TELNET is a utility that allows you to make a connection to a remote host using a specific port number. TELNET was once installed automatically with Windows Server and Windows XP, but you must install after-the-fact in Windows Vista - 8, and with Windows Server 2008 and higher as TELNET Client. In a command prompt, you simply type:
telnet <ipaddress> 515
and see if the connection is made. If you get a positive response, the command prompt windows will go black, as the LPD server is awaiting a command. Press the ENTER key and you'll get an "illegal service command" message while getting kicked out. If not successful, you'll receive a "Could not open connection to the host..." message. As an aside, TELNET is useful in checking for any communication port where the port that you are checking may change based on what service you are testing. One caveat to TELNET: it simply makes a connection to the specified TCP port, it is not validating that the process listening on the other side is functioning correctly. In the case of LPD and TCP 515, there have been many cases where the device is listening (TELNET to 515 is successful), but the LPD service itself is not operational. If this is the case, the best "next step" is to reload firmware on the printer or network card...potentially with an updated version.
The LPQ utility is only available if Print Services for Unix (Windows 2000, Server 2003, XP) or LPR (Windows Vista - 8, Server 2008 and higher) is installed. LPQ is the "Line Printer Query" utility. It has this syntax:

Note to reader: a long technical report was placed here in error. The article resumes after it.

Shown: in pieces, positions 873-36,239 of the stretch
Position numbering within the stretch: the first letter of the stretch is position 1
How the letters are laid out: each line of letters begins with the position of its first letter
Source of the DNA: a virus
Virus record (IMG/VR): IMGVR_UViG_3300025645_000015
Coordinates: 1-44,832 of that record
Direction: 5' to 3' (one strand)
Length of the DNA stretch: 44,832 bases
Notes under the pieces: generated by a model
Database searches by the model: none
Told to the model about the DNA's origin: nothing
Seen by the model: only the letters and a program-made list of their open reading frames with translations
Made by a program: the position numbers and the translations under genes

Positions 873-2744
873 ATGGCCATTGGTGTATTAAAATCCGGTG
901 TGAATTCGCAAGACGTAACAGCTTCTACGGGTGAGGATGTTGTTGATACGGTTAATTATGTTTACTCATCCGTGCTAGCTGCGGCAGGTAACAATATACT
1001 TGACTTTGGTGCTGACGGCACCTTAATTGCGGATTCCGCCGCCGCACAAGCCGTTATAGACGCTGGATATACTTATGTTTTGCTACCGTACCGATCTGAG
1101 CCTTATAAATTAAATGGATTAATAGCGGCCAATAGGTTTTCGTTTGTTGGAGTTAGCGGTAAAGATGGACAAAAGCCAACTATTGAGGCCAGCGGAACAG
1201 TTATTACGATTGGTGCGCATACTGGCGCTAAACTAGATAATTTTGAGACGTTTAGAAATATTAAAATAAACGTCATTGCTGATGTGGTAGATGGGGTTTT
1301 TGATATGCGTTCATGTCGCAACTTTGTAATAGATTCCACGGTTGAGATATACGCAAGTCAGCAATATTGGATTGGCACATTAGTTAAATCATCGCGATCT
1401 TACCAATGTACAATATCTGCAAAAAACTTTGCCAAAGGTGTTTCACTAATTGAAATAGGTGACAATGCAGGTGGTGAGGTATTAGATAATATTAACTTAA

LPQ -S <ipaddress> -P <queue_name>
which requires that you know the queue name used by the print device. Again, your device's documentation will prove helpful here, but there are some standards:
Canon imageRUNNERs: lp or SPOOL
EFI Fiery front-ends: print or hold
Hewlett-Packard LaserJet printers: raw or raw1
Tektronix Phaser (includes Xerox Phaser): PS, PCL, or AUTO
Xerox WorkCentre: lp
A fairly comprehensive list can be found at http://www-912.ibm.com/s_dir/SLKBase.nsf/0/b49aa3cf3ce97d0d862565c2007d4393?OpenDocument for reference.
When successful, you may get a message that says "No entries" and you may get additional information about IDLE status, online/offline, etc.
If either LPQ or TELNET fail, and Step 1 passed successfully, then TCP 515 is blocked by either a firewall or router rule.
Step 3. Use Wireshark or Microsoft Network Monitor
If both steps 1 and 2 succeed, but the job is still failing to print, the next step is to use a packet capture tool (like Wireshark or Microsoft Network Monitor) to validate the communication. It is suggested to use the Microsoft Windows "LPR" command line utility (see above in Step 2 for included operating system support of LPQ). This allows you to make a directed communication attempt at a printer rather than wait for a random event. If you see "RST" (reset) packets or "continuation" packets, the network is experiencing delays or is blocking the transmission and will have to be resolved by the site's IT group. This type of problem can often be resolved by placing a Pharos server that hosts both the queue and the Pharos terminal on the same subnet of the print device.
1. Beginning with Revision 94 (Print Services and Administrator) for Uniprint 8.4 and Blueprint 5.1 Service Pack 1.2, we now support printing via TCP port 9100 (also referred to as the "raw port"). Consult the documentation in both of these releases for implementation instructions.